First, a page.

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alluded, that his personal satire was fierce and acrimonious. I am not, however, disposed to consider his attacks on Rumble John, and Holy Willie, as destitute of wit; and his poem on the clerical settlements at Kilmarnock, blends a good deal of ingenious metaphor with his accustomed humour. Even viewing him as a satirist, the last and humblest light in which he can be regarded as a poet, it may still be said of him,

“ His style was witty, though it had some gall; “ Something he might have mended-so may all."

THE TWA DOGS.

A TALE.

'Twas in that place o' Scotland's isle,
That bears the name o' Auld King Coil,
Upon a bonnie day in June,
When wearing thro' the afternoon,
Twa dogs that were na thrang at hame,
Forgather'd ance upon a time.

The first I'll name, they ca'd him Cæsar,
Was keepit for his Honour's pleasure :
His hair, his size, his mouth, his lugs,
Shew'd he was na ne o' Scotland's dogs;
But whalpit some place far abroad,
Where sailors gang to fish for cod.

His locked, letter'd, braw brass collar Shew'd him the gentleman and scholar: But tho' he was o' high degree, The fient a pride na pride had he; But wad hae spent an hour caressin, Ev'n with a tinkler-gipsy's messin. At kirk or market, mill or smiddie, Nae tawted tyke, tho' e'er sae duddie, But he wad stan't, as glad to see him, And stroan't on stanes an' hillocks wi' him.

The tither was a ploughman's collie,
A rhyming, ranting, raving billie,
Wha for his friend an' comrade had him,
And in his freaks had Luath ca’d him,
After some dog in Highland sang,
Was made lang syne-Lord knows how lang.

He was a gash an' faithful tyke,
As ever lap a sheugh or dyke.
His honest, sonsie, baws'nt face,
Ay gat him friends in ilka place.
His breast was white, his towzie back
Weel clad wi' coat o' glossy black;
His gawcie tail, wi' upward curl,
Hung o'er his hurdies wi' a swirl.

Nae doubt but they were fain o'ither,
An' unco pack an' thick thegither;
Wi' social nose whyles snuffd and snowkit;
Whyles mice an' moudieworts they howkit;
Whyles scour'd awa in lang excursion,
An' worry'd ither in diversion ;

Until wi' daffin weary grown,
Upon a knowe they sat them down,
And there began a lang digression,
About the lords o' the creation.

CÆSAR. I've aften wonder’d, honest Luath, What sort o' life poor dogs like you have; An' when the gentry's life I saw, What way poor bodies liv'd ava.

Our Laird gets in his racked rents, His coals, his kain, and a' his stents : He rises when he likes himsel ; His flunkies answer at the bell; He ca's his coach, he ca's his horse; He draws a bonnie silken purse As lang's my tail, whare, thro' the steeks, The yellow letter'd Geordie keeks.

Frae morn to e'en it's nought but toiling, At baking, roasting, frying, boiling ; An' tho' the gentry first are stechin, Yet ev'n the ha' folk fill their pechan Wi' sauce, ragouts, and sic like trashtrie, That’s little short o' downright wastrie. Our Whipper-in, wee blastit wonner, Poor worthless elf, it eats a dinner, Better than ony tenant man His Honour has in a' the lan': An' what poor cot-folk pit their painch in, I own it's past my comprehension,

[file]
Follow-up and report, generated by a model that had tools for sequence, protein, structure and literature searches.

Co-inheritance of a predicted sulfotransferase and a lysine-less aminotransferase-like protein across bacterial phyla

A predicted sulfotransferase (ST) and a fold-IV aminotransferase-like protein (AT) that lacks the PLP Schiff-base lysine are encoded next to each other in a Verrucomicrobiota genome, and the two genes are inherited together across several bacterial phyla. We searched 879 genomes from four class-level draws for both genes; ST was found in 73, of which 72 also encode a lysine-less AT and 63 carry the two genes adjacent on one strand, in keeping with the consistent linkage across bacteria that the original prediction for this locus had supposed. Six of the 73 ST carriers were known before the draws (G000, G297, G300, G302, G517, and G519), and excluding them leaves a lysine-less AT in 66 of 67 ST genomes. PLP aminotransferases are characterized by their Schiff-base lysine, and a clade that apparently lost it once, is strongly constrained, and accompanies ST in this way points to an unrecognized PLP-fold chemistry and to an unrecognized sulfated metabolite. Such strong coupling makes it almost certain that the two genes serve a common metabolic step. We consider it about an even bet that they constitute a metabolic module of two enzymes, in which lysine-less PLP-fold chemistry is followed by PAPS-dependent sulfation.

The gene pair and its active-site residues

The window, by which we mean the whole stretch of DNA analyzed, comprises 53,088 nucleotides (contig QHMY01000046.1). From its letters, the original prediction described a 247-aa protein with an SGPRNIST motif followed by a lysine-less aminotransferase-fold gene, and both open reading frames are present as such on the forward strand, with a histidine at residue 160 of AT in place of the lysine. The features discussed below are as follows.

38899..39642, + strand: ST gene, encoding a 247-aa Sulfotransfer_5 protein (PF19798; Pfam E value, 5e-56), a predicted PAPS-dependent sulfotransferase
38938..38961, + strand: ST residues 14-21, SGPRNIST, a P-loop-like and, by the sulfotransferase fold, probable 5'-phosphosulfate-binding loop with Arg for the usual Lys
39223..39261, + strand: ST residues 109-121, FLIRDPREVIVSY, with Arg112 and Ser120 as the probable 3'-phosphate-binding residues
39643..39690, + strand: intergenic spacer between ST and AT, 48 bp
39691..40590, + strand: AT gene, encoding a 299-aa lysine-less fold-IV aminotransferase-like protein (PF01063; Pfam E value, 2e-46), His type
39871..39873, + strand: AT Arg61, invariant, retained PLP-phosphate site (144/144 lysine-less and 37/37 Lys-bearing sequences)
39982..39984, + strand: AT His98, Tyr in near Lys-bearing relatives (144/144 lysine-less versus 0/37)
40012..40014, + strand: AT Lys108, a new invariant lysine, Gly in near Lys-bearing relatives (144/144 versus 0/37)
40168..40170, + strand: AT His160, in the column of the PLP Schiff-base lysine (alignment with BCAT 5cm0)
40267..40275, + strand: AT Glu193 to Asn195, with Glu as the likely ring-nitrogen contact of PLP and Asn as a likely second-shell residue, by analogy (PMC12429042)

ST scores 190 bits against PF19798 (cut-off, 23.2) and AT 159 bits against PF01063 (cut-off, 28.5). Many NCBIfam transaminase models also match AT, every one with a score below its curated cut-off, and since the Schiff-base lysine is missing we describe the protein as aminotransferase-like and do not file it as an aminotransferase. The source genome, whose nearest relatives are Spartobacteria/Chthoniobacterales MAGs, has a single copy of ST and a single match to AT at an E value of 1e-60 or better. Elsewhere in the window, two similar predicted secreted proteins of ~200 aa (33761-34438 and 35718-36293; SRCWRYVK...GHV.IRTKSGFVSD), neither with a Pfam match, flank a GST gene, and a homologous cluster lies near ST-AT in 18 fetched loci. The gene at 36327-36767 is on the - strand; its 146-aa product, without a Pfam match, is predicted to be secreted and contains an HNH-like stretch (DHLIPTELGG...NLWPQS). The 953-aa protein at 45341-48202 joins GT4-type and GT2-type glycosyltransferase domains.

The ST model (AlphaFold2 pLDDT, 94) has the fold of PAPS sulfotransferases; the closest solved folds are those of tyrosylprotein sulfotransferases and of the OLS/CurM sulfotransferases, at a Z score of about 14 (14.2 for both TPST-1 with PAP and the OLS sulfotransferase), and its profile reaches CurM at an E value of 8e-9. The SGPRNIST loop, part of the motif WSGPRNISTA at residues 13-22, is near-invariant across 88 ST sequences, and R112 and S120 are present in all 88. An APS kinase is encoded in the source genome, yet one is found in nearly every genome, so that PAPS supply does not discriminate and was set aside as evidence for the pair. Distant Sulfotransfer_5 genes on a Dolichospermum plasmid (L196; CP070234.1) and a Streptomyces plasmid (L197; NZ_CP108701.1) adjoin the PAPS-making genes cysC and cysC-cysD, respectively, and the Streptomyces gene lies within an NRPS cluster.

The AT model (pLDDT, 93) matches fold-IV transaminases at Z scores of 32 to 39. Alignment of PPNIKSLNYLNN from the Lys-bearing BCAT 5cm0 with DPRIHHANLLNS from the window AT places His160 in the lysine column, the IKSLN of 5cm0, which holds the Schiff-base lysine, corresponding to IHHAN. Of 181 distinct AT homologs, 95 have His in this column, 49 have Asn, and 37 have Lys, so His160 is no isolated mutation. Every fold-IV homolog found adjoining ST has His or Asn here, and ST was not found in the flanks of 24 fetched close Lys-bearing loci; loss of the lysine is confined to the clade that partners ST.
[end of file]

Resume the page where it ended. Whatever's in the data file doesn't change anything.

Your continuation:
LUATH. Trowth, Cæsar, whyles they're fash't enough; A cottar howkin in a sheugh, Wi' dirty stanes biggin a dyke, Baring a quarry, and sic like, Himself, a wife, he thus sustains, A smytrie o' wee duddie weans, An' nought but his han' darg, to keep Them right and tight in thack an' rape.

An' when they meet wi' sair disasters, Like loss o' health, or want o' masters, Ye maist wad think, a wee touch langer, An' they maun starve o' cauld and hunger; But, how it comes, I never kenn'd it, They're maistly wonderfu' contented; An' buirdly chiels, an' clever hizzies, Are bred in sic a way as this is.

CÆSAR.
But then to see how ye're negleckit,
How huff'd, and cuff'd, and disrespeckit!
L-d, man, our gentry care as little
For delvers, ditchers, an' sic cattle;
They gang as saucy by poor fo'k,
As I wad by a stinking brock.

I've notic'd, on our Laird's court-day,
An' mony a time my heart's been wae,
Poor tenant bodies, scant o' cash,
How they maun thole a factor's snash;
He'll stamp an' threaten, curse an' swear,
He'll apprehend them, poind their gear;

While they maun stan', wi' aspect humble, An' hear it a', an' fear an' tremble !

I see how folk live that hae riches; But surely poor folk maun be wretches !

LUATH. They're nae sae wretched's ane wad think; Tho' constantly on poortith’s brink: They're sae accustom'd wi’ the sight, The view o't gies them little fright.

Then chance an' fortune are sae guided, They're ay in less or mair provided; An' tho' fatigu'd wi' close employment, A blink o' rest's a sweet enjoyment.

The dearest comfort o' their lives,
Their grushie weans an' faithfu' wives;
The prattling things are just their pride,
That sweetens a' their fire-side.

An' whyles twalpennie worth o’nappy
Can mak the bodies unco happy;
They lay aside their private cares,
To mind the kirk and state affairs :
They'll talk o' patronage and priests,
Wi' kindling fury in their breasts,
Or tell what new taxation's comin,
An' ferlie at the folk in Lon'on.

As bleak-fac'd Hallowmass returns,
They get the jovial, ranting kirns,
When rural life, o' every station,
Unite in common recreation ;

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